In this blog post, we will cover the various ways to search questions in Ask Extension. The text search options can be done from either the search box or Advanced Search options in the upper right-hand corner of the questions page. So let’s get started!
We will start with what we will call “operators”. That is a fancy database term for using special characters to tell the system how to search for words and phrases.
Note: Searches apply only to the body of the questions and responses—not the question title. Also, you may need to click one of the menu items at the top of the page (My Questions, Closed…etc.) to reset/clear the search results.
Quick Reference Guide
|+term||All questions that include this term|
|+term1 +term2||All questions that include both terms|
|term1 term2||All questions that include either term|
|-term||All questions that do not include this term|
|“term1 term2”||All questions that include “term1 term2” as an exact phrase|
|+term*||All questions that contain words beginning with the term|
Any search term (OR)
This is the default search. If you want to use the or operator you simply separate the words with a space, so cherry peach will display questions that include either cherry or peach.
All search terms (AND)
If I am looking for questions related to hops in North Carolina I might try the plus operator +hops +carolina. This will give me all questions that include both works “hops” and “carolina” in the body of the question or any of the responses. I can further refine with +hops +carolina +rhizomes which would include questions that include all of those three words.
Exclude a search term (NOT)
Let’s say I am looking for questions about arsenic in water, I might try +arsenic +water, but after looking at the results I might want to exclude questions that include “well”, I could use the minus operator to search for +arsenic +water -well
Match a pattern (wildcard)
Let’s say I search +peach +ooze and I get 72 results, but if I search using a wildcard operator +peach +ooz* I get 254 results. So what did the addition of the asterisk do? An asterisk acts as a wildcard and says “give me all questions with peach and any words which begin with ooz”, so this also returns ooz, ooze, oozing.
Match an exact phrase (quotes)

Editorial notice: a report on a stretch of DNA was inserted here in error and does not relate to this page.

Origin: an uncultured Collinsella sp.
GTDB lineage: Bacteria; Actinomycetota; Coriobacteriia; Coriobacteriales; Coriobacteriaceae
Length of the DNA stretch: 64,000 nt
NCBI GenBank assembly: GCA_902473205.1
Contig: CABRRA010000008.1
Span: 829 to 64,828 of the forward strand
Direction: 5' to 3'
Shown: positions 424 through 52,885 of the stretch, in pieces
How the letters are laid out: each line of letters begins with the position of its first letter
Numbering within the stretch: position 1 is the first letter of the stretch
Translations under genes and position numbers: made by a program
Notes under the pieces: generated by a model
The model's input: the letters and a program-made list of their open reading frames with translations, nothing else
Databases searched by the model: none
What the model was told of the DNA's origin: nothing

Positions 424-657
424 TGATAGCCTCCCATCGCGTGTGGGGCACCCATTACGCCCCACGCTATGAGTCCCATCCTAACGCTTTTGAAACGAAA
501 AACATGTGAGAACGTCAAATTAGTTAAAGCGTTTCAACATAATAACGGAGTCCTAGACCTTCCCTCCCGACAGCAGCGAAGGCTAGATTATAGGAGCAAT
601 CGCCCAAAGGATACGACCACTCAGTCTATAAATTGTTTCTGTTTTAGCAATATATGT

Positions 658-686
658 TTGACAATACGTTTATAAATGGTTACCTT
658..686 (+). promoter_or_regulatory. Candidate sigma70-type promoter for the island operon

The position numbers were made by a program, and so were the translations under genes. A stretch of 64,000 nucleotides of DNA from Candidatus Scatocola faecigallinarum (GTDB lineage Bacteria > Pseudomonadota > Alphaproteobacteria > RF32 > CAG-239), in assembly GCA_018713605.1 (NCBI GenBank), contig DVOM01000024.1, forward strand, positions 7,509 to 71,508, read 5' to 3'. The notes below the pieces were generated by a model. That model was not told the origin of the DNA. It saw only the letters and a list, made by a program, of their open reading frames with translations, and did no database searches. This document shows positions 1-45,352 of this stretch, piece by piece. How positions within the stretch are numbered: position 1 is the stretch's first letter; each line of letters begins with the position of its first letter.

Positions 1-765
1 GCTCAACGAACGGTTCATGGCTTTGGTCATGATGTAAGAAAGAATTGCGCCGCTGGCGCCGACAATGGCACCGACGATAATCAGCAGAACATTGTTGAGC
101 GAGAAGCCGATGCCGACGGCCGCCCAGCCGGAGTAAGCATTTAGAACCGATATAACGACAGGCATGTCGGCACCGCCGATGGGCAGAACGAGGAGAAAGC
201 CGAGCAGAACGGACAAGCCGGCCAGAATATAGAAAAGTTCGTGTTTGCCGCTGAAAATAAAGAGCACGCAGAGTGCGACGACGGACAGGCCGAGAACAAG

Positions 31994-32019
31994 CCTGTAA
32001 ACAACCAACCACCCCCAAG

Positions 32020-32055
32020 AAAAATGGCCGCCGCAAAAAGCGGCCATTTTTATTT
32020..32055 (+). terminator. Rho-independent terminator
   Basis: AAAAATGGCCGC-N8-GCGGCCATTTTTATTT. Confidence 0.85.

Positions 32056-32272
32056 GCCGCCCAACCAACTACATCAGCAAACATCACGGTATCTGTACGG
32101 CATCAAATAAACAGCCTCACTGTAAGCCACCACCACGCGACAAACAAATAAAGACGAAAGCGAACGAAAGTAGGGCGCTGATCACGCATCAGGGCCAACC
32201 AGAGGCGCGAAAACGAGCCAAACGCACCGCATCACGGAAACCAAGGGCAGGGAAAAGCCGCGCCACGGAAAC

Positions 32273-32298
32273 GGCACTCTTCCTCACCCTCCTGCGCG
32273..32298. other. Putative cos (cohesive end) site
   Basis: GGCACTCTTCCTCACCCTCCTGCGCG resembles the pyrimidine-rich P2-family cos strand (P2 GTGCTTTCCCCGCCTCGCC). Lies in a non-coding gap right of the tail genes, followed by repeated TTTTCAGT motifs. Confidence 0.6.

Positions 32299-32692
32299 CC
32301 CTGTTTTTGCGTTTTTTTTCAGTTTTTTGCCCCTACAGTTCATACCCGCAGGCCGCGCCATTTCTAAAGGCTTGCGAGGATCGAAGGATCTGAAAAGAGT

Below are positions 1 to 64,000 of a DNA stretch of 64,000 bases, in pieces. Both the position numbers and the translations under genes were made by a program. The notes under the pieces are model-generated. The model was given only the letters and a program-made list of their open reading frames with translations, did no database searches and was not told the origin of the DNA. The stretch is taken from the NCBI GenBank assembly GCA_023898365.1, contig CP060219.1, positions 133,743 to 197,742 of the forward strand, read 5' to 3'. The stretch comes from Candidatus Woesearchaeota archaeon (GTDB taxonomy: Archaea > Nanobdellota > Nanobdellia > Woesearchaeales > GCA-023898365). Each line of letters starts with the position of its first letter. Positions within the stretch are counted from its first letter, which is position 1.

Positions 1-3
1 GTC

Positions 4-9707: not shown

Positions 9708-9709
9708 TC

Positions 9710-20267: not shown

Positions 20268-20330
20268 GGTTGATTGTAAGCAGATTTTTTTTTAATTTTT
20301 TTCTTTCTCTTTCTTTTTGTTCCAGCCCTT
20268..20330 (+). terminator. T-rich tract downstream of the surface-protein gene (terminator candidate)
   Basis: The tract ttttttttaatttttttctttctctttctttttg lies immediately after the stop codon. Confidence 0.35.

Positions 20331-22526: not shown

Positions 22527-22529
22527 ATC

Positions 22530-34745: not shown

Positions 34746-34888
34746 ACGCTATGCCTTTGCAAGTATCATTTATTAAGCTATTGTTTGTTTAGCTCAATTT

You can search for any phrase by enclosing the text in quotes. Let’s say I’m looking for questions about canning sauerkraut. I might try +can +sauerkraut which returns all questions that include both can and sauerkraut in the question content. But, I might also try “can sauerkraut” which returns only questions that contain both those words in that exact order.
More Search Options
These are the most popular operators, but there are more! Feel free to read the MySQL documentation on full-text searches to experiment with more options.
In addition to using these search operators, there is also an advanced search feature in Ask Extension. You can access this feature by clicking the “Advanced” button in the upper left-hand area of the screen under the search box. Here are a few examples.
Let’s imagine I was looking for a question that was answered by Jon Traunfeld on tomato rot. I could use the and operator for tomatoes and rot, and also specify Jon as the assignee:
Be aware when you are searching for experts like this that “type ahead” uses an active database search. This may take up to 10-15 seconds for a search to complete, so you need to give it a bit of time to return an name. (You have to type at least three characters to get suggestions.)
Search Term with County
Let’s try another. If I want to see all questions with the keyword tobacco and the county is Robeson I could do this:
Please note this search will return results from any state. Further filter your results by state if the county name isn’t sufficiently unique. (Trivia: There are 31 Washington counties in the United States!)
Search Term with Creation Date
OK, let’s try one more, this time using the creation date. I would like to search for all questions that include the term “truffle” and asked between January and May of 2017:
There are lots of other options to search on in the Advanced Search box so feel free to experiment with those.
I hope this makes your ability to search questions easier and more robust. If you have any questions or suggestions please feel free to contact us at email@example.com.